Finding meaning in your life will always involve others. You will find that life is not about ‘me' but about ‘us.' Your greatest joys, deepest sorrows, most noble deeds, greatest challenges, most satisfying achievements, will always be linked to others either directly or indirectly. John Milton reminds us of this in his famous statement: “No man is an island, no man stands alone.” You know this and have responded. Your generation has contributed many hours in volunteer service to others and in supporting causes to help those in need. You have understood that serving others is our mission and that our lives will be judged on how well we fulfill that mission. In your Catholic education, you have studied the corporal and spiritual works of mercy and the Beatitudes. You are well prepared to make this world a better place for all members of God's family.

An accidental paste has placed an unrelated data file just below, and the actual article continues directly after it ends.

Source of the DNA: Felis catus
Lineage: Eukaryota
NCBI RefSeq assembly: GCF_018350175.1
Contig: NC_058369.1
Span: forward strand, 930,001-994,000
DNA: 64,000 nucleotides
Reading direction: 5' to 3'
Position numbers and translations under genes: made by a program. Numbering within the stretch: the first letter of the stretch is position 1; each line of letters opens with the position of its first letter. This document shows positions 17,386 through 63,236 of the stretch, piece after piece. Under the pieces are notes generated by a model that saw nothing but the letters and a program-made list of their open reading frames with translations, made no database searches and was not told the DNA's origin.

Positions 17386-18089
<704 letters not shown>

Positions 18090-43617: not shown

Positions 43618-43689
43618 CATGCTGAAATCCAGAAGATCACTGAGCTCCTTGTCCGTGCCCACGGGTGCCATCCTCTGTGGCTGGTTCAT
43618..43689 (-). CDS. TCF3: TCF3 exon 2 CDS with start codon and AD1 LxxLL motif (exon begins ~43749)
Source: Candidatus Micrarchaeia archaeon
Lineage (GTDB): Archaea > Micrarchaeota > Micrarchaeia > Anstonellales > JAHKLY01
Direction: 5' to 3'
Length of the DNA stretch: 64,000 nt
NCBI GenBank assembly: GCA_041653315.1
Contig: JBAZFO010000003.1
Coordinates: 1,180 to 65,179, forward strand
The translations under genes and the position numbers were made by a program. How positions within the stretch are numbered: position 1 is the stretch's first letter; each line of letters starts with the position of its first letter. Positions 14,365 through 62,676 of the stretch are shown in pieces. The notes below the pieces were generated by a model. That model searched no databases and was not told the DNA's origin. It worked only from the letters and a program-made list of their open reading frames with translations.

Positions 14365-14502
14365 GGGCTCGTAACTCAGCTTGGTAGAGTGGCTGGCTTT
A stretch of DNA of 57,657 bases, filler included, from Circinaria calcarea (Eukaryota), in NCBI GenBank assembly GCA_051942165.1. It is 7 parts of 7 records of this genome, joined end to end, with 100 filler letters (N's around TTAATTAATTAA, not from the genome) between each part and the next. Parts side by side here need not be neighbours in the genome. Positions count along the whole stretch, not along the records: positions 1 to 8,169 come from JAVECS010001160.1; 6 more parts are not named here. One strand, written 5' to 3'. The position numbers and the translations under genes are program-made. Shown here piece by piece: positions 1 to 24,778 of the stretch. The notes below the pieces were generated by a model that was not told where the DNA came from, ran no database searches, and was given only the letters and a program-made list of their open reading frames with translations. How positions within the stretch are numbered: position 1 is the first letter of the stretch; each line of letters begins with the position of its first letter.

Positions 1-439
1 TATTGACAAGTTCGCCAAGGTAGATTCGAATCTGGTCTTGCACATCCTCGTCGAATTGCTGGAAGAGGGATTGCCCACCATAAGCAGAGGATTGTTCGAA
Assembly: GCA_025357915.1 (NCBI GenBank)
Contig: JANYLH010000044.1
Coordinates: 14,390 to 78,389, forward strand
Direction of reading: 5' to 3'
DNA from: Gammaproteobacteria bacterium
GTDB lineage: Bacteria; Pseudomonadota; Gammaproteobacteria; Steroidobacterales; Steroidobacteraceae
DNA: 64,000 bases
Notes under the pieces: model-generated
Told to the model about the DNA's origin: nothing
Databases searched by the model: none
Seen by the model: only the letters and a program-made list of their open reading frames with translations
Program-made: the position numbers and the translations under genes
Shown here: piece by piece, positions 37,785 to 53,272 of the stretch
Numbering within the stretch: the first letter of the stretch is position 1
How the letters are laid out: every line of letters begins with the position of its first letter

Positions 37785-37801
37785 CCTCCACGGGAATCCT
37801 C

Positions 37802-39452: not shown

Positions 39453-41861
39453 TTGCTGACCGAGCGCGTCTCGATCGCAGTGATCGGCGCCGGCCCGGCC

In summary, my message to you as you continue on your journey is to continue the good work you have begun by caring about and caring for others. In your relationships and focus on others, consider this play on the letters of the word. Think of others with:
The prayer of St. Francis of Assisi will guide you in your relationships with others: “Where there is hatred…sow love. Where there is injury…pardon. Seek to understand and love others…” Know that in giving of yourself to others generously, you will receive abundant blessings, especially the blessing of being God's instrument of peace in your world – a world which desperately needs peacemakers – one relationship at a time, one choice at a time.
Paraphrasing the words of Jesus as He spoke of His mission: “For this were you born into this world: that others may have life and have it more abundantly.” May His example guide you and His grace strengthen you.